If you are thinking of bringing home an adopted infant, attachment issues may be a concern of yours. For those worried, there is good news: although adopted infants have bonded with their mothers in the womb, they are open to attachment with their caregivers. Attachment is the two-way process in which the baby and mother create an emotional connection. Through caring for the baby’s needs and spending quality time together, new parents can establish the trust needed for a healthy attachment between parent and child.
Healthy attachment between an infant and their caregiver(s) is a predictor of positive mental health outcomes later in life. So, it is natural for adoptive parents to worry about attachment issues in adopted infants. Researching the indicators and solutions for attachment issues is an excellent first step in ensuring secure attachment between child and parent.
Experts in human development have identified four different attachment styles.
- Secure attachment is the first that adoptive parents should strive to establish, as it is characterized by infants feeling close to their caregiver. This is accomplished through parents demonstrating that the infant can trust them. For instance, when their infant cries, adoptive parent address the infant’s needs in a timely manner. They also hold, talk to, and play with their infant in order to spend quality time together. Most importantly, secure attachment parents protect their infant from harm.
- Insecure-ambivalent is an attachment style characterized by an infant’s over-attachment to their caregiver. In other words, adopted infants who are not comfortable exploring on their own from time to time. Parents of these infants are described as emotionally inconsistent. Even though they meet the needs of their infants, they are not always warm. Insecure-ambivalent parents often express a wide array of emotional states to their infant, some of which may be “negative” such as distress upon crying or occasional detachment. It is difficult for new parents to always be “on.” It is certainly possible for a parent to reflect and work on their emotional constancy in order to establish a more secure attachment style going forward.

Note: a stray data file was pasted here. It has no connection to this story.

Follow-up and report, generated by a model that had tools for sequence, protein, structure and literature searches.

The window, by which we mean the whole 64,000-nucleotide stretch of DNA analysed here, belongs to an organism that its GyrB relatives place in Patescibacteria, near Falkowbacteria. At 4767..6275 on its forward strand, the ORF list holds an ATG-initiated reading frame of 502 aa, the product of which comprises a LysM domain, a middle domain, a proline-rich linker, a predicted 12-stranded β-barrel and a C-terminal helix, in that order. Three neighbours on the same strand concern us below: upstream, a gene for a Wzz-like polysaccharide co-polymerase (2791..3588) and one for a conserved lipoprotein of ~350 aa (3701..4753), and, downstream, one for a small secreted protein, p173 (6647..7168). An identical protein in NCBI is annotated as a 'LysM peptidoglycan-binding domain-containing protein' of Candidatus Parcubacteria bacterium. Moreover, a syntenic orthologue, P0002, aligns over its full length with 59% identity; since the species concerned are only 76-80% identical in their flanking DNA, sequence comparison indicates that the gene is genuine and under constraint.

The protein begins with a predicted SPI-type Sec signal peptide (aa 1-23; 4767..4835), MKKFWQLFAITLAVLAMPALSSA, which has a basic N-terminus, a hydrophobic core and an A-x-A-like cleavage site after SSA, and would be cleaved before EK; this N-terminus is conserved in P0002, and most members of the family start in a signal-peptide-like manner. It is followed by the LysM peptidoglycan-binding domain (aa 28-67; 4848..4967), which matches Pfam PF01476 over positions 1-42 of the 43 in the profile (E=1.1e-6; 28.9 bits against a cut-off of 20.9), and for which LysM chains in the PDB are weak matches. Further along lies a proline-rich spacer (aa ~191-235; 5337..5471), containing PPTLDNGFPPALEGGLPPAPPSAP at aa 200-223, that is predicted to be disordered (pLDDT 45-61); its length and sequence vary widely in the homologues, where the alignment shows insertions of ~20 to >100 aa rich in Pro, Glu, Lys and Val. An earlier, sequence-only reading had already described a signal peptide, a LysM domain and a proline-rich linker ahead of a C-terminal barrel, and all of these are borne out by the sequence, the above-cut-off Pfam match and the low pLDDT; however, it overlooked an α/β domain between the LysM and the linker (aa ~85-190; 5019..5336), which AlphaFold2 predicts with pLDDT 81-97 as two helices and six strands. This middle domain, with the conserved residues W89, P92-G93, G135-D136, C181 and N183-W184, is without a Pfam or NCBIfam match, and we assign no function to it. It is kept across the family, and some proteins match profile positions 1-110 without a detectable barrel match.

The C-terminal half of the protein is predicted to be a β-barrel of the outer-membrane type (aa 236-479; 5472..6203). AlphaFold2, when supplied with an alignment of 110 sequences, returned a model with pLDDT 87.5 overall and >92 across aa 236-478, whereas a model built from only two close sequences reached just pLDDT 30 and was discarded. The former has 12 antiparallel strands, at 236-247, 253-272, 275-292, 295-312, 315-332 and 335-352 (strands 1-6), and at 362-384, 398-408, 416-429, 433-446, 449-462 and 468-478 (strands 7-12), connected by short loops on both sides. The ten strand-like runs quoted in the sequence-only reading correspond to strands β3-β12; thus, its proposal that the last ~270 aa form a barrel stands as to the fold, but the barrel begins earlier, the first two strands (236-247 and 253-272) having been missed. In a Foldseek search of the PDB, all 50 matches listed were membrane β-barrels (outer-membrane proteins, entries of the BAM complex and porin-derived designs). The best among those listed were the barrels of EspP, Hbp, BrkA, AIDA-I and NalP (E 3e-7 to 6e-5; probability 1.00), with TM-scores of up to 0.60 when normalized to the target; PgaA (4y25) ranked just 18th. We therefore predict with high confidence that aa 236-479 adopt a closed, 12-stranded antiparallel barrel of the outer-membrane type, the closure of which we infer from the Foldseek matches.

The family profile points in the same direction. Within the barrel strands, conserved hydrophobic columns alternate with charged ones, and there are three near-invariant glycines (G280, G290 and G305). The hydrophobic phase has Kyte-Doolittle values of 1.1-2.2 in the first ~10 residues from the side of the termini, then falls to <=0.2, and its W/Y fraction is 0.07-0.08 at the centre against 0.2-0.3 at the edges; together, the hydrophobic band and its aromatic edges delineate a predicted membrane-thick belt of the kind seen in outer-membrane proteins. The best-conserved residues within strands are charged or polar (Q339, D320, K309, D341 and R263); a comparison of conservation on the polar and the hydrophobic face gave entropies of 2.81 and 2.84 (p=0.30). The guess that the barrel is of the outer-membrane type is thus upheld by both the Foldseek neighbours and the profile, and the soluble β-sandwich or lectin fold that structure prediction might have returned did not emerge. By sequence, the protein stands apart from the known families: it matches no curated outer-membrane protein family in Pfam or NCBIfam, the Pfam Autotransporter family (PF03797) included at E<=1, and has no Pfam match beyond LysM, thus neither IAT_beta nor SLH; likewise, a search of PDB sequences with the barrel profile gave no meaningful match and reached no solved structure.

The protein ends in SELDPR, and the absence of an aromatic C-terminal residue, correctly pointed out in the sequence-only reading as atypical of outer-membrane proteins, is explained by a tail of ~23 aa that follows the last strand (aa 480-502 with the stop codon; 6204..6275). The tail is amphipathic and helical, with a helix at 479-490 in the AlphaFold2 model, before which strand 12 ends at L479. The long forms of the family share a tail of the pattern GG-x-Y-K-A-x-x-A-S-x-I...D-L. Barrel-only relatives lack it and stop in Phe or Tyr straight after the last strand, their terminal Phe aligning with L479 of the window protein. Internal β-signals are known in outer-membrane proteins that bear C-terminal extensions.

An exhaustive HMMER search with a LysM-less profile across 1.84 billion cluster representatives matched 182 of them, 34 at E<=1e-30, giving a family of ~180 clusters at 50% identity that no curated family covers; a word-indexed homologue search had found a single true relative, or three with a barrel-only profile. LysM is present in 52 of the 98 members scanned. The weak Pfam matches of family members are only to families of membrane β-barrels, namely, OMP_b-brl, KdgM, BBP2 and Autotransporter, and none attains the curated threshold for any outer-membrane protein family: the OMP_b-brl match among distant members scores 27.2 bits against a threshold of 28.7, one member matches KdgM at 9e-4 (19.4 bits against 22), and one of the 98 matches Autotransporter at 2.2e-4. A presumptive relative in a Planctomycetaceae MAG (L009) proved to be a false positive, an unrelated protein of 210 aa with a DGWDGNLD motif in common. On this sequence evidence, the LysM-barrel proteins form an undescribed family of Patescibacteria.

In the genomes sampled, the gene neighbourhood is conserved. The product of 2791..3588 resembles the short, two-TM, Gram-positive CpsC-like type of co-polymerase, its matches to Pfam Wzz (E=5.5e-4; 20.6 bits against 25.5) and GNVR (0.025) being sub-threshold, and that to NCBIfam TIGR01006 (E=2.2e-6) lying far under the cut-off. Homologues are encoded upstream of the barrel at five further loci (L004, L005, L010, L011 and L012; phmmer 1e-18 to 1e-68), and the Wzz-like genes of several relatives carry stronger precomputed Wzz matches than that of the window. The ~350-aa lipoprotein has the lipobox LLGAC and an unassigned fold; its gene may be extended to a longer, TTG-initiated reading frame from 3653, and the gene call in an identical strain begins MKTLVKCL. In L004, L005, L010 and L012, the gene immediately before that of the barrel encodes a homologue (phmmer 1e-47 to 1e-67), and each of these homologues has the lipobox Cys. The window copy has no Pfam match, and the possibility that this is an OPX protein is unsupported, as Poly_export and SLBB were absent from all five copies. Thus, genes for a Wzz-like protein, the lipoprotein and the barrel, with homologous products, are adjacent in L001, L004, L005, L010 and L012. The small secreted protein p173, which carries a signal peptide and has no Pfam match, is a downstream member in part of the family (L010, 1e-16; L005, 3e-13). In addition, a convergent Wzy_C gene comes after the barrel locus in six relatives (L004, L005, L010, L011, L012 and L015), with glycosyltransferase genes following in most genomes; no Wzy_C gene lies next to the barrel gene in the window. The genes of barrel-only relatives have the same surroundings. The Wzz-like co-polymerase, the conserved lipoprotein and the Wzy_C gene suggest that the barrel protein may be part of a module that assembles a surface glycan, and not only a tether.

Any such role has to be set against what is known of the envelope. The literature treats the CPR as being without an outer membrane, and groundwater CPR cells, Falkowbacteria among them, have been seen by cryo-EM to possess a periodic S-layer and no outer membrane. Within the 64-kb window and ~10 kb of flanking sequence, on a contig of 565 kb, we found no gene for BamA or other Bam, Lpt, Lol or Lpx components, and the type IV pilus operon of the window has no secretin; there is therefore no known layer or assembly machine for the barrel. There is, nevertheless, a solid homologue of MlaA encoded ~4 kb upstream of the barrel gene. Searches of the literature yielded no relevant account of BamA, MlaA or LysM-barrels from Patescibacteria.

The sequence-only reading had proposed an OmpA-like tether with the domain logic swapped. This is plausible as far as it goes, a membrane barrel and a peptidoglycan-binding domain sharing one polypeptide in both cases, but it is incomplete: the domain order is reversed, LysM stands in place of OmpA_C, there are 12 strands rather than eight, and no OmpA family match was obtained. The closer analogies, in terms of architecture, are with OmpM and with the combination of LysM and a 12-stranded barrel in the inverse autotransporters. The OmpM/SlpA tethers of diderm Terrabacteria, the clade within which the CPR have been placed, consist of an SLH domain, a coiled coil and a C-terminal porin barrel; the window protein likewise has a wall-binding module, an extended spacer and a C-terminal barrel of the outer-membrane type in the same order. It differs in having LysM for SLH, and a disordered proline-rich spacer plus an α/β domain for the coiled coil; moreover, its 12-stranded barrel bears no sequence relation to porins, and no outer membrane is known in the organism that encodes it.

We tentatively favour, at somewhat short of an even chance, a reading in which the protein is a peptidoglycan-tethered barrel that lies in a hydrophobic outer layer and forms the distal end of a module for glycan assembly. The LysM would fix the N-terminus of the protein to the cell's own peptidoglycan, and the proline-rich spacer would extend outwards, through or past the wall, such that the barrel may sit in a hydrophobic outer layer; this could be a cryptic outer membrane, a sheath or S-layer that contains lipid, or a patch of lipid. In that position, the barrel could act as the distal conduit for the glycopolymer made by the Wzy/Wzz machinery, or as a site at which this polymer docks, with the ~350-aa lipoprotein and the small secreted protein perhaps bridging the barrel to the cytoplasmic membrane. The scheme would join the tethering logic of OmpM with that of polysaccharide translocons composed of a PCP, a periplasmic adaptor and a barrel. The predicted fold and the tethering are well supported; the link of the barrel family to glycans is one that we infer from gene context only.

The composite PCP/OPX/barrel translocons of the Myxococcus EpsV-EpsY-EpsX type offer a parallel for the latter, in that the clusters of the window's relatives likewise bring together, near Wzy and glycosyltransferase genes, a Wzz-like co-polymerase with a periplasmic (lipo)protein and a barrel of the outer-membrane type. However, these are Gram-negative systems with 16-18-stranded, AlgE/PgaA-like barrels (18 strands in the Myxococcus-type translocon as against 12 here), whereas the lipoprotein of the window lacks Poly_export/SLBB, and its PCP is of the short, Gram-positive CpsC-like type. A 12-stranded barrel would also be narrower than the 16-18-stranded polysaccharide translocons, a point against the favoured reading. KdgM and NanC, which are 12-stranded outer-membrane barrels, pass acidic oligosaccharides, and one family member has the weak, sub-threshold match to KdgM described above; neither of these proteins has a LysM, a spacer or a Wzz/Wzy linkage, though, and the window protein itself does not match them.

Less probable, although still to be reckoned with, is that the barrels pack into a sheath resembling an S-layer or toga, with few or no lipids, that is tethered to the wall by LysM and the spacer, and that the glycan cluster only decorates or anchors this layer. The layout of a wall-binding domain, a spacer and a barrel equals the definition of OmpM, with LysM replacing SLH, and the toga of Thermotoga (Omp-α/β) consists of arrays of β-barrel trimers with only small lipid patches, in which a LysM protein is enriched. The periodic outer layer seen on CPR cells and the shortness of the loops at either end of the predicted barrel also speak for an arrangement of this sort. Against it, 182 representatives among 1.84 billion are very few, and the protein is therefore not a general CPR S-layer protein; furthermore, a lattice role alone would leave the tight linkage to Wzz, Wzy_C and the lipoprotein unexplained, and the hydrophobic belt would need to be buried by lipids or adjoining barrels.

- Insecure-avoidant is an attachment style in which the infant is resistant to connection with their caregiver, and sometimes strangers as well. In this situation, adoptive parents may not often connect with their infant through physical touch and language. Thus, attention is lacking. Increasing quality time with an infant through eye contact, play, and singing can help to remediate this disconnect.
- Insecure-disorganized is considered the most insecure attachment style. These infants display distress when separated from their caregiver, but then do not necessarily show signs of comfort when the caregiver attempts to comfort them. The infant’s reaction to their caregiver is often characterized as confusion. Strongly unpredictable caregiver behavior can lead to this attachment style.
Attachment styles are often passed down from generation to generation. A parent who had an insecure attachment with their own parent is susceptible to passing this down. For this reason, new parents should reflect and identify the attachment style that resonates most true for them. This information can help a new parent to find room for improvement and steps necessary in order to form a secure attachment with their child.
Reactive Attachment Disorder
Most commonly, this disorder is found in those who have experience trauma. An adoption later in life, especially after an abusive situation, can increase the likelihood of Reactive Attachment Disorder (RAD) or other difficulties in forming secure attachments. In infants, RAD can manifest as an infant’s disinterest in their caregiver. These infants may not make eye contact or express a greater sense of calmness with their adoptive parent than they do with strangers. However, it is easier to identify symptoms of RAD as a child grows up, as these, like personality traits and behavior patterns, will become more noticeable.
What can parents do to form secure attachments with their infant?